Mar. 5, 2010
HUSBAND AND WIFE CONVICTED OF TAX FRAUD
(HOUSTON) – A jury has found Donald Ray Womack and Tonya Buckner Womack guilty of conspiracy and aiding and abetting in the preparation and presentation of false income tax returns, United States Attorney José Angel Moreno and Rodney E. Clarke, Special Agent in Charge of the Internal Revenue Service (IRS) announced today. The indictment, returned on Dec. 17, 2009, alleges that Donald Ray Womack and Tonya Buckner Womack are husband and wife.
After a five-day trial and five hours of deliberations today, a federal jury returned guilty verdicts on all 26 counts, convicting the Womacks of conspiracy and preparing false income tax returns. The Womacks claimed false Schedule A deductions and deductions concerning tuition and fees and education expenses on tax returns for the years 2003, 2004 and 2005, as well as amended tax returns. Donald Womack was charged in counts one and 2-14, while Tonya Womack was charged in counts one and 15-26. They were each convicted of all counts. The loss to the United States in tax revenues was $363,074, according to the indictment.
“The jury has spoken today with regard to this case,” said Clarke. “While most return preparers provide excellent service to their clients, a few unscrupulous tax preparers file false and fraudulent returns in an attempt to defraud the government, the taxpaying public and their own clients. The defendants in this case attempted to undermine the integrity of America's tax system and have been held accountable.”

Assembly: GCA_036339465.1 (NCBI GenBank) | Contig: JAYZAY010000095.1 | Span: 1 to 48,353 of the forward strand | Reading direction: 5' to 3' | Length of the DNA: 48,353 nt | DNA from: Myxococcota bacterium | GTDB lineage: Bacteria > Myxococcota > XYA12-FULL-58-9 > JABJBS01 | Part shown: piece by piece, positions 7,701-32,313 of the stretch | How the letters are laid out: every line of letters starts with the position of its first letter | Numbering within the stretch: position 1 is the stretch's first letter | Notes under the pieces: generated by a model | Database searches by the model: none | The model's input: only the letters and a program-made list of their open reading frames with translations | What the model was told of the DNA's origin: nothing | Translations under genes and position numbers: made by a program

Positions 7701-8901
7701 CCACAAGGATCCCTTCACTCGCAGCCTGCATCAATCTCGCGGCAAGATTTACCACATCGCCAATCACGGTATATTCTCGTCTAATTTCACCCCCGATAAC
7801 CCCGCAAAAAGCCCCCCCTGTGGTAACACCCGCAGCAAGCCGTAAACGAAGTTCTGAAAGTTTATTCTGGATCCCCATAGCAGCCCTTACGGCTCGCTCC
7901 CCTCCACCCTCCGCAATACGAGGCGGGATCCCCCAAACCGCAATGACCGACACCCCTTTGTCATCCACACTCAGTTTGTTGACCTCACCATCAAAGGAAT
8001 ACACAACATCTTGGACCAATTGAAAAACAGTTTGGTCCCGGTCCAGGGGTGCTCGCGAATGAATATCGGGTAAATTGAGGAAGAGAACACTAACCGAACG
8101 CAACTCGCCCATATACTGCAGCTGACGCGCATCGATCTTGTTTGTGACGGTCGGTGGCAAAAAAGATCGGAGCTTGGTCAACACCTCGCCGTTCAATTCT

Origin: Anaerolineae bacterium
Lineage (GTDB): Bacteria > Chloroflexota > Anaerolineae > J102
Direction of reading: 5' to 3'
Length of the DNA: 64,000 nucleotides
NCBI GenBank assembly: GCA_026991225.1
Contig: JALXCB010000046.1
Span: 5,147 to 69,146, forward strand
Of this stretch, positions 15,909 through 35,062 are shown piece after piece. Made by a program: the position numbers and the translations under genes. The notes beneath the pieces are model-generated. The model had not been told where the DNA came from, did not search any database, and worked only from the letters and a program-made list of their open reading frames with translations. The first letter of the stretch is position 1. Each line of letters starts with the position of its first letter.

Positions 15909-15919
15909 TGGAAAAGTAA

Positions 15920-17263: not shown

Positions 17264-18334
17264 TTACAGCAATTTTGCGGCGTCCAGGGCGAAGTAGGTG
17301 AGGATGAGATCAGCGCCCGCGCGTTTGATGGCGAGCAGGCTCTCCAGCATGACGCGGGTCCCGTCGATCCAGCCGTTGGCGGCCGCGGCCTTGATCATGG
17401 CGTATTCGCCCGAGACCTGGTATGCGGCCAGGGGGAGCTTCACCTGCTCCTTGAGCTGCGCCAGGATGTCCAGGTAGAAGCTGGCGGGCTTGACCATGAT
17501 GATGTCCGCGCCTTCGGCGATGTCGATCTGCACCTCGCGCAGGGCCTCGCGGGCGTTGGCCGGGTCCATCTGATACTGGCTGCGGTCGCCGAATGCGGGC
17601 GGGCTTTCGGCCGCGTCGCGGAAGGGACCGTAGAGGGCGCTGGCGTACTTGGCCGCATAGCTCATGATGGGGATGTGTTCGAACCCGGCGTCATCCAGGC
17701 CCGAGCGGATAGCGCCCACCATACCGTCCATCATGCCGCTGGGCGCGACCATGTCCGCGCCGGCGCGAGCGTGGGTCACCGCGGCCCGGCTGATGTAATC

“Taxpayers should always be careful in selecting the tax professional that they will use to prepare their income tax returns,” Clarke added.
U.S. District Judge Lee H. Rosenthal, who presided over the Womacks’ trial, has scheduled sentencing for June 29, 2010, at 9:00 a.m. The conspiracy count conviction carries a maximum statutory penalty of up to five years imprisonment and a $250,000 fine, while each of the false income tax return counts of conviction carries a statutory penalty of up to three years imprisonment and a $100,000 fine.
Special Agents of the Houston Office of the Internal Revenue Service - Criminal Investigation Division conducted the investigation leading to the charges and Assistant United States Attorneys Stephen L. Corso and Charles J. Escher prosecuted the case.
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